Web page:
|The area of King's Lynn, England, where the action of The Janus Stone takes place.|
I toured that area once, with friends, which makes the novel that much more fun to read!
|The Janus Stone, published 2010.|
The Janus Stone is the second novel in Elly Griffiths' series of mysteries about forensic anthropologist Ruth Galloway and her adventures as an amateur detective and helper of the police. I read the first one a few months ago (briefly blogged here), and I guess I'm hooked!
The setting of The Janus Stone is a variety of picturesque, rural villages near King's Lynn, England. This area has been inhabited for millennia, including iron age people, Roman settlements, and continuous occupation until the present. So archaeologists have lots to excavate -- and forensic archaeologists like Ruth are challenged when mysterious bodies appear, because they could turn out to date from recent times (and thus be candidates for a murder investigation) or from any of the earlier eras.
Of course that's what's going on in the novel: a body must be identified, and connected to events in the past. Ruth Galloway and her fellow anthropologists and police investigators figure it out, with much drama and with lots of perilous moments for Ruth.
I enjoyed the portrayal of the little villages and their inhabitants, streets, museums, and especially life in pubs and other public places: villages "heavy on antique shops and low on fast-food outlets." (p. 57).
Ruth and the police, as they investigate the mystery, encounter rich people, middle class people, and marginal people. Ruth's friends include many academics -- tenured and not-so-stably employed -- who work with her in the university where she teaches. Showing who they are with just a few words is a strong point of the author. Some quotes about the people, including, sometimes, what they ate:
- Nelson, the policeman at the center of the investigation: "All those smug yuppies will soon be saddled with negative equity and serve them right. His own house is mortgaged up to the hilt, of course, but that doesn’t bother him. Nelson was brought up in a council house. For him, a mortgage is a sign of respectability."(pp. 56-57).
- Ruth and her friend Shona choosing a restaurant: "Shona would want to eat in King’s Lynn, somewhere where she can be sure of extra virgin olive oil and ciabatta. Ruth fancies something a little more rustic. Suddenly, a vision of the Phoenix [a more rural pub] comes into her head— the smell of chicken cooking on the outdoor grill, the view over the hills, the clink of glasses and the hum of conversation." (pp. 158-159).
- Max, another anthropologist, cooks for Ruth at his temporary home, a boat: "He disappears below to check on the food which, when it appears, is absolutely delicious— chicken in red wine, saffron rice, green salad. ‘You really can cook,’ says Ruth, smiling." (p. 148).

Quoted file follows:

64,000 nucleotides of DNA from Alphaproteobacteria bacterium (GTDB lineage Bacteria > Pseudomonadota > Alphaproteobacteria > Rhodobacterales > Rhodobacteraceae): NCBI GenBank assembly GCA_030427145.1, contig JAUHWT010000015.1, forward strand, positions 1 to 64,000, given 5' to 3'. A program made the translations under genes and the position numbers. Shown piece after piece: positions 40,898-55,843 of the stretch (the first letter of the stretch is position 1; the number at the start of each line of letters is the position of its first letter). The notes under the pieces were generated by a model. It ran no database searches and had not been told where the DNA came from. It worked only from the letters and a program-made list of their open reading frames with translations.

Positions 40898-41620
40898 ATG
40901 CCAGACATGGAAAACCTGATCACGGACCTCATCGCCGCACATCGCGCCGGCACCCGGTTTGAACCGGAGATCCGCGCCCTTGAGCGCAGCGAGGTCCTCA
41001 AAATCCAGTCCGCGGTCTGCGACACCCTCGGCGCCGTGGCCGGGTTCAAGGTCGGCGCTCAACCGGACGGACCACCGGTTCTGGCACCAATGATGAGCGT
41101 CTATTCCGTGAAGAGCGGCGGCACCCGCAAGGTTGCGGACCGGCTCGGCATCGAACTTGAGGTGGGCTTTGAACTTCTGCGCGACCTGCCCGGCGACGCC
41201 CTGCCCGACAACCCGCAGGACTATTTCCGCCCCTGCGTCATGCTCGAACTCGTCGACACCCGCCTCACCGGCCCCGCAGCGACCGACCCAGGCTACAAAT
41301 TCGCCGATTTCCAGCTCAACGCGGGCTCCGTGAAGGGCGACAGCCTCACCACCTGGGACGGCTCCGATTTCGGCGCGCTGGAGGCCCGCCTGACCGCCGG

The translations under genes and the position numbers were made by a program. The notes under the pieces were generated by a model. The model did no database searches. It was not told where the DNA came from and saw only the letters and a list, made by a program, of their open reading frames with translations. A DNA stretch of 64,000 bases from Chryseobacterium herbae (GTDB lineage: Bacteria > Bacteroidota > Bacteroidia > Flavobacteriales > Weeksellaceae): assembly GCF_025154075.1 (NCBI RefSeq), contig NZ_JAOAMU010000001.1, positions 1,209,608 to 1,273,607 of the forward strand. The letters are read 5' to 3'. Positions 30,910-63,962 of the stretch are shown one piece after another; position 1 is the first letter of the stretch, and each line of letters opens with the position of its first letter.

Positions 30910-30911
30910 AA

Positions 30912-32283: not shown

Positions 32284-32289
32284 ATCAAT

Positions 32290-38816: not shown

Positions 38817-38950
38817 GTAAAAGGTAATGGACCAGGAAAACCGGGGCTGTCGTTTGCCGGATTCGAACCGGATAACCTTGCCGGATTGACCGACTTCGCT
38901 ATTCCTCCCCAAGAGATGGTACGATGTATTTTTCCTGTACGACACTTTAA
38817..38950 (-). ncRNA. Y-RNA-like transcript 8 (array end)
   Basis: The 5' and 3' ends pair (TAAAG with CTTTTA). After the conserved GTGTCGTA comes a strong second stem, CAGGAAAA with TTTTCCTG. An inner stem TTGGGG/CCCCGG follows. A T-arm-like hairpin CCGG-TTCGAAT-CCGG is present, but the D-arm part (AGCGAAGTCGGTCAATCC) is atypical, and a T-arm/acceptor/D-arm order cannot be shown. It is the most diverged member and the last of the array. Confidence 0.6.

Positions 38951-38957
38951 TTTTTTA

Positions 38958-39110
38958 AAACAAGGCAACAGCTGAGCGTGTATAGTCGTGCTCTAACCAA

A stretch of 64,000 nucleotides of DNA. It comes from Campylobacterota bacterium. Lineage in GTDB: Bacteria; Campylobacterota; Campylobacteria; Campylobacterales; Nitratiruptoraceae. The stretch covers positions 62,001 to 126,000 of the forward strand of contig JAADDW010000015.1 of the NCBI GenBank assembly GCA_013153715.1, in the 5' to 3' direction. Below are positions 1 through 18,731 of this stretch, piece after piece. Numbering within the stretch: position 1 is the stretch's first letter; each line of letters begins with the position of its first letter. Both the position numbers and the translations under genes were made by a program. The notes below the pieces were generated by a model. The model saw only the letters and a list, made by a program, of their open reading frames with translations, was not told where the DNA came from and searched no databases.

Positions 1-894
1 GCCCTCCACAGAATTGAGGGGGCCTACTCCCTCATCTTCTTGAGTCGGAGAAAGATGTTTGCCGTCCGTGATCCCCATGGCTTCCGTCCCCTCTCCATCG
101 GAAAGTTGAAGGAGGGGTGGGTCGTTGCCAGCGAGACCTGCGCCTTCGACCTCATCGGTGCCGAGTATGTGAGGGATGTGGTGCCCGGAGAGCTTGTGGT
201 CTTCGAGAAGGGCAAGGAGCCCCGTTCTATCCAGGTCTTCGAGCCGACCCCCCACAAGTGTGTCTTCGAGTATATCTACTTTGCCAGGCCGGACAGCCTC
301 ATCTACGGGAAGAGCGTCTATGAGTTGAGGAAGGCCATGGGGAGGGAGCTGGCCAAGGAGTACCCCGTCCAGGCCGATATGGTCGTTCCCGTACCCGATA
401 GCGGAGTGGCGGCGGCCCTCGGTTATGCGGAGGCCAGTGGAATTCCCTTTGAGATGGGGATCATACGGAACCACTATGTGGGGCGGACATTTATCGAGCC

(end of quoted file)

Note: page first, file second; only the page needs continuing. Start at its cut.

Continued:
- Nelson, visiting the home of Spens, a rich property developer: "Spens ushers him through to the kitchen, which is at the back of the house with windows opening onto the garden. Michelle [Nelson's wife] would die of envy if she saw this kitchen, thinks Nelson. Everything is perfect; from the gleaming surfaces, to the yellow roses on the table, to the blue cushions on the wicker sofa (sofas in the kitchen— that would never happen in Blackpool), to the expensive Italian coffee machine chugging away in the corner." (p. 182).
- Judy Johnson, one of the police investigators, preparing for an interview: "At nine o’clock sharp, full of a Full English Breakfast, Judy Johnson presents herself at the convent." (p. 256).
- Nelson again: "Nelson once spent a holiday in Southport. Long, wet walks along the seafront, a B and B where you got one slice of toast for breakfast and weren’t allowed to touch any of the thousands of knick-knacks grinning evilly from the shelves." (p. 259).
- Another policeman: "Detective Sergeant David Clough is eating. Nothing new in that. Clough eats almost constantly throughout the working day, starting with a McDonald’s breakfast, moving on through several Mars Bars and a Pot Noodle for lunch, through a sustaining sandwich and cake at tea time before treating himself to a pint and a curry for supper." (p. 292)
"Were King’s Lynn anywhere else in the country but squelched into the remoter end of the Fens, it would be overrun with tourists. ... The wealth of the north Norfolk coast is tantalisingly near, but not quite near enough. That relative remoteness today (I mean, it’s only just over an hour to Cambridge, so it’s hardly Siberia, is it?) has bred an independent spirit: there’s some great local culture behind those pedimented porticoes, and a fair bit of money has been spent on sprucing up the place. Geography favoured King’s Lynn hundreds of years ago, before trade shifted to the Atlantic. That’s why it’s so beautiful today, all cobbles, alleys and warehouses. King’s Lynn was once the biggest port in the country, and its merchants flashed their cash on those 18th-century townhouses. Maybe fortune will smile on it again some day."
Maybe it's just a perfect place as a setting for mystery stories.